This year’s conference returns to its foundation theme of ‘People and Computers’, and so has attracted a wide range of HCI work. The BCS Conference on Human Computer Interaction is the leading conference of its type in the UK and is one of the top European conferences in the field. It performs a critical role in supporting the development and success of the UK HCI community. As such, the conference aims to provide opportunities for open dialogue and academic debate that is inclusive of our entire community.
This ethos is reflected in these proceedings, which represent a body of work we hope will broaden your thoughts, develop your ideas and deepen your understanding of state of the art HCI research.
Welcome to the proceedings of the 26th Annual BCS Interaction Specialist Group conference on People and Computers, held in the city of Birmingham in the West Midlands between the 10th-14th September 2012. For many people, Birmingham is an unexpected delight - a rich tapestry of shopping, restaurants, bars, and theatres, where daytime commerce mixes with nightlife and entertainment. Interwoven through this are the canals that were the focus of Birmingham’s growth, and alongside which lay the venue for this year’s conference.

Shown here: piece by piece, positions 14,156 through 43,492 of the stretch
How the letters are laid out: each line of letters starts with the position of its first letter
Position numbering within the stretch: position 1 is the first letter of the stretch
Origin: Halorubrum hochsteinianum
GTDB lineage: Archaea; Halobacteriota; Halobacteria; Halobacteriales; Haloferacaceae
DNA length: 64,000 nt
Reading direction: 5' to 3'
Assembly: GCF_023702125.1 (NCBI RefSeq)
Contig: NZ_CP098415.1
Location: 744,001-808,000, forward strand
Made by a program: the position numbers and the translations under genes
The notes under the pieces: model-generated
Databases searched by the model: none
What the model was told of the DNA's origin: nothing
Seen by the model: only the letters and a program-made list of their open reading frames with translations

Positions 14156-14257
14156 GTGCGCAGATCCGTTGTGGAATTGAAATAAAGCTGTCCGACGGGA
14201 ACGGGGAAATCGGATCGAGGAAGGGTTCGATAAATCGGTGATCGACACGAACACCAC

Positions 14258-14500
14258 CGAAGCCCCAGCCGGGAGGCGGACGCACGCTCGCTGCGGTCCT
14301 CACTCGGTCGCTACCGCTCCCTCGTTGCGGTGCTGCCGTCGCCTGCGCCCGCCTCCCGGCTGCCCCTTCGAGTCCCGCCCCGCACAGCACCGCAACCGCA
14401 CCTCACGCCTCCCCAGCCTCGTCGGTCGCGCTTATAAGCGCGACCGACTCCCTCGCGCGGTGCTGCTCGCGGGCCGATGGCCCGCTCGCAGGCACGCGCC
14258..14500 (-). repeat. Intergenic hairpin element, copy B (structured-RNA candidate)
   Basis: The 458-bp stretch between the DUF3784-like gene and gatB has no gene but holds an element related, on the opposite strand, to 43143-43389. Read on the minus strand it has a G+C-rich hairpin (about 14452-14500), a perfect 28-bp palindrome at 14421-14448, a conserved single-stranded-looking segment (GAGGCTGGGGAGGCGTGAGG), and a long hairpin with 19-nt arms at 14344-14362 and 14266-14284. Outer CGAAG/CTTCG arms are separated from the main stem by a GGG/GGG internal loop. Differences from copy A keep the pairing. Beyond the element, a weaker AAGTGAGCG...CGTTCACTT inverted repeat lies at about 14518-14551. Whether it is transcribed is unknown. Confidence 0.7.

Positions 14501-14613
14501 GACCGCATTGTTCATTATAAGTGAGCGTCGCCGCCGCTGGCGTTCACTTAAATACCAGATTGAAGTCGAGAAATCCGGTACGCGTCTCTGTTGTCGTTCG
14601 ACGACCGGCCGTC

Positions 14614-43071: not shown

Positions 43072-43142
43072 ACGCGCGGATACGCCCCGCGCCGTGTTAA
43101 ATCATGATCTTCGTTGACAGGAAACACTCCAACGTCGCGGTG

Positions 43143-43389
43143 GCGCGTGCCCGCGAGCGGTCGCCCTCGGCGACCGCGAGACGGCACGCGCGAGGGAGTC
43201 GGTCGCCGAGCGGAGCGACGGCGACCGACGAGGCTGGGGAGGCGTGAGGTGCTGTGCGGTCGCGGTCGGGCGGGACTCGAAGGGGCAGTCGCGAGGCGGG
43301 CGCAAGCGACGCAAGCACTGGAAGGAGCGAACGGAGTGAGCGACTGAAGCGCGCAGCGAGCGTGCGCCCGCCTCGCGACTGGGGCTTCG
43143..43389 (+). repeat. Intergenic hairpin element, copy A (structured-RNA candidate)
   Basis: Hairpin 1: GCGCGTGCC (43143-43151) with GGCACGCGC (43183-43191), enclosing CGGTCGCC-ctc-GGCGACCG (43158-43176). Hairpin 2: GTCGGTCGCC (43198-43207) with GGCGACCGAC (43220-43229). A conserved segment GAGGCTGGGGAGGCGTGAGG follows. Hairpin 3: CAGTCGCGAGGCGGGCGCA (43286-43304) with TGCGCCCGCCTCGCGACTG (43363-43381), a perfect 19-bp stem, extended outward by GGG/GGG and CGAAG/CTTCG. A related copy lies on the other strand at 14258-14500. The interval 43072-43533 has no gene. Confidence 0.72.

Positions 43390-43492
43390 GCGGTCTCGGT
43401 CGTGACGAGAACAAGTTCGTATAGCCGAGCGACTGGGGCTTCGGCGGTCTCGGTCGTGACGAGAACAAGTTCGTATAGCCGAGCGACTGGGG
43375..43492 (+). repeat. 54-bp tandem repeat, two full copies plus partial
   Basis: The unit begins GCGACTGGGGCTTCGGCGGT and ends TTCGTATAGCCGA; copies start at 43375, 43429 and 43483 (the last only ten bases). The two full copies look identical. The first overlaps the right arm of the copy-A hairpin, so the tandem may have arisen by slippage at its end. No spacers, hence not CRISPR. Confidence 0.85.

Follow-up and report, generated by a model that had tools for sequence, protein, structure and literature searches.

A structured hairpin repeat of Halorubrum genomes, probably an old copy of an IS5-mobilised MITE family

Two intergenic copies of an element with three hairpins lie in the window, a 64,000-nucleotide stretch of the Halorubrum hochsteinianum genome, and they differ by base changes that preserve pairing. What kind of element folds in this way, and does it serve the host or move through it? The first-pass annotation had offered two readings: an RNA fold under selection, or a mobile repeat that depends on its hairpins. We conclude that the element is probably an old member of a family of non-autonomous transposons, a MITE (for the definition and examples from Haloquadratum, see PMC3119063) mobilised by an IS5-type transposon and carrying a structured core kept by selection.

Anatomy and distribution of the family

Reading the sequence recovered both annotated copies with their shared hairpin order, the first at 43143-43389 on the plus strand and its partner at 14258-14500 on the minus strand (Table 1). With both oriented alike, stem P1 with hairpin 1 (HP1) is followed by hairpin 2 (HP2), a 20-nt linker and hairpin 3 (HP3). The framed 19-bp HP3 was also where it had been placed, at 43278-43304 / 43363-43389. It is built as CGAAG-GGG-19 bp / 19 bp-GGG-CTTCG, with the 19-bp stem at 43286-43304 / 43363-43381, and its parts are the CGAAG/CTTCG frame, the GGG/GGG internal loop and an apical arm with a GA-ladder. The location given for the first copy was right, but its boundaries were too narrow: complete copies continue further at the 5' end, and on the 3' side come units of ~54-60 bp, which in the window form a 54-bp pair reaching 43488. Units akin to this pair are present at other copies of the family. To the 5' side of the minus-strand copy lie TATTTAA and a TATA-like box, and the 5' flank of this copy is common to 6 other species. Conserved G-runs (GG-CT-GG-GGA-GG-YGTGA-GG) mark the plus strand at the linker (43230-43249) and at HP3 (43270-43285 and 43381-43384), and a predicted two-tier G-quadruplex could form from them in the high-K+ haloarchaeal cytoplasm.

We hope that you find these proceedings a delight too: we have a series of rich threads of material that have been woven into a sometimes coherent, sometimes serendipitous collection that we hope will broaden your thoughts, develop your ideas, and deepen your understanding of the state of the art in HCI research.
These proceedings were only made possible through the efforts of all the authors who submitted papers, and we’d like to thank all who took the time to submit, successful or not. All papers published within these proceedings were diligently peer-reviewed and we would like to thank the many reviewers who gave their time to ensure a high standard was set for acceptance. The reviewing process was broad, robust, and, we hope, constructive. As a programme committee, we had a quality threshold for acceptance, rather than a certain number of papers we wanted to see, and we set that threshold high. We owe a great deal of thanks to the programme committee who gave a great deal of time and effort to ensuring that we accepted only the best quality papers in each track.
For those interested in numbers, we had 211 submissions in total, with acceptance rates of 26% for full papers, 25% for shorts, and 40% for work in progress papers. The conference explicitly chose not to have a theme for this year, returning to its foundations of “People and Computers”, and as such has attracted a wide range of work.
The conference also continues to support academics who push the boundaries of HCI research. The AltHCI papers contained within these proceedings were peer-reviewed in an open manner allowing a dialogue between peers to develop. This unique form of review reflects the unique and challenging nature of these papers.
We also aim to support those who wish to open a dialogue on their current work, to gain feedback from their peers or critical review of their progress through the 'Work in Progress' track. These papers are held to the same rigorous standards as the other tracks but with the understanding that the work may be on-going and incomplete.
We hope you find the papers in these proceedings thought-provoking, exciting and inspiring.
The BCS HCI 2012 Chairs